Official employment statistics speak of a recovering country that has generated more than 316,000 (mostly precarious and informal) jobs in the last year. But it has nothing to do with the contribution of the Public Administration.
In the most optimistic labor report of the last two years, the state has lost ground as an employer. According to the same official figures, the State employs 3.6% of the employed population (until March 2017), that figure was 4.2% a year ago.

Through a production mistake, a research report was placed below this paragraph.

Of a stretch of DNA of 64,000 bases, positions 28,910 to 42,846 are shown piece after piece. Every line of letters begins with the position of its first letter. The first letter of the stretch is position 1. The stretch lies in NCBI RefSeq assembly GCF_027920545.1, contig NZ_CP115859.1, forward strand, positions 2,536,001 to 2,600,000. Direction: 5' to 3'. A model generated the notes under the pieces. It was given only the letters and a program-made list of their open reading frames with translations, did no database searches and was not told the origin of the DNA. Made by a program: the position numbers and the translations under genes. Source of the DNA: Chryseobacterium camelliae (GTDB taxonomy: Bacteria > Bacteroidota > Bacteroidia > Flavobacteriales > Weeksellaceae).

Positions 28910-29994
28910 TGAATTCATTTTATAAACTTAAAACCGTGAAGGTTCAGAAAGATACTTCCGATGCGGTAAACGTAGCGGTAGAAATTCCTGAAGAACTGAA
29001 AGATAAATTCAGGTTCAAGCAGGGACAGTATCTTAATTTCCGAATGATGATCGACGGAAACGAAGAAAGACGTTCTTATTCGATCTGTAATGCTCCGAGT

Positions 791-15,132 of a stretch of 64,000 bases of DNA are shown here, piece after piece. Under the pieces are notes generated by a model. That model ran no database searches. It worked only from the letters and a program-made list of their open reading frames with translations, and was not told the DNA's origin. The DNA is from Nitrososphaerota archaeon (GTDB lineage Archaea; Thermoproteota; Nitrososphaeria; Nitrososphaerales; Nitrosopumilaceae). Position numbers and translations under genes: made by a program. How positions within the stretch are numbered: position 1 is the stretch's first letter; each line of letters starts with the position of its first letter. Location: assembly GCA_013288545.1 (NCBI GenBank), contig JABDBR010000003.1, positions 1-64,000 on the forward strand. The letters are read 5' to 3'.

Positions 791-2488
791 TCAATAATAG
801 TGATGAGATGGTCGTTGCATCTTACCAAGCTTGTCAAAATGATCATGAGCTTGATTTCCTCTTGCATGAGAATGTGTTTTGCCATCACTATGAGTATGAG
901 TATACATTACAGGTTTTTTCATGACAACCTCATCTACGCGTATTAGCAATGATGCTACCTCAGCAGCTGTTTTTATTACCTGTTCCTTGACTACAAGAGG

And as confirmed by the National Institute of Statistics and Censuses, this means that the number of people employed by the public sector has been reduced by 28,421.
Carlos Cortez, former director of the INEC, attributes this situation to the fall in oil revenues that triggered a need to reduce the current spending. Like him, Tito Palma, a former labor minister, believes that the state’s tax system has suffered an excessive pressure that explains the cuts in bureaucracy.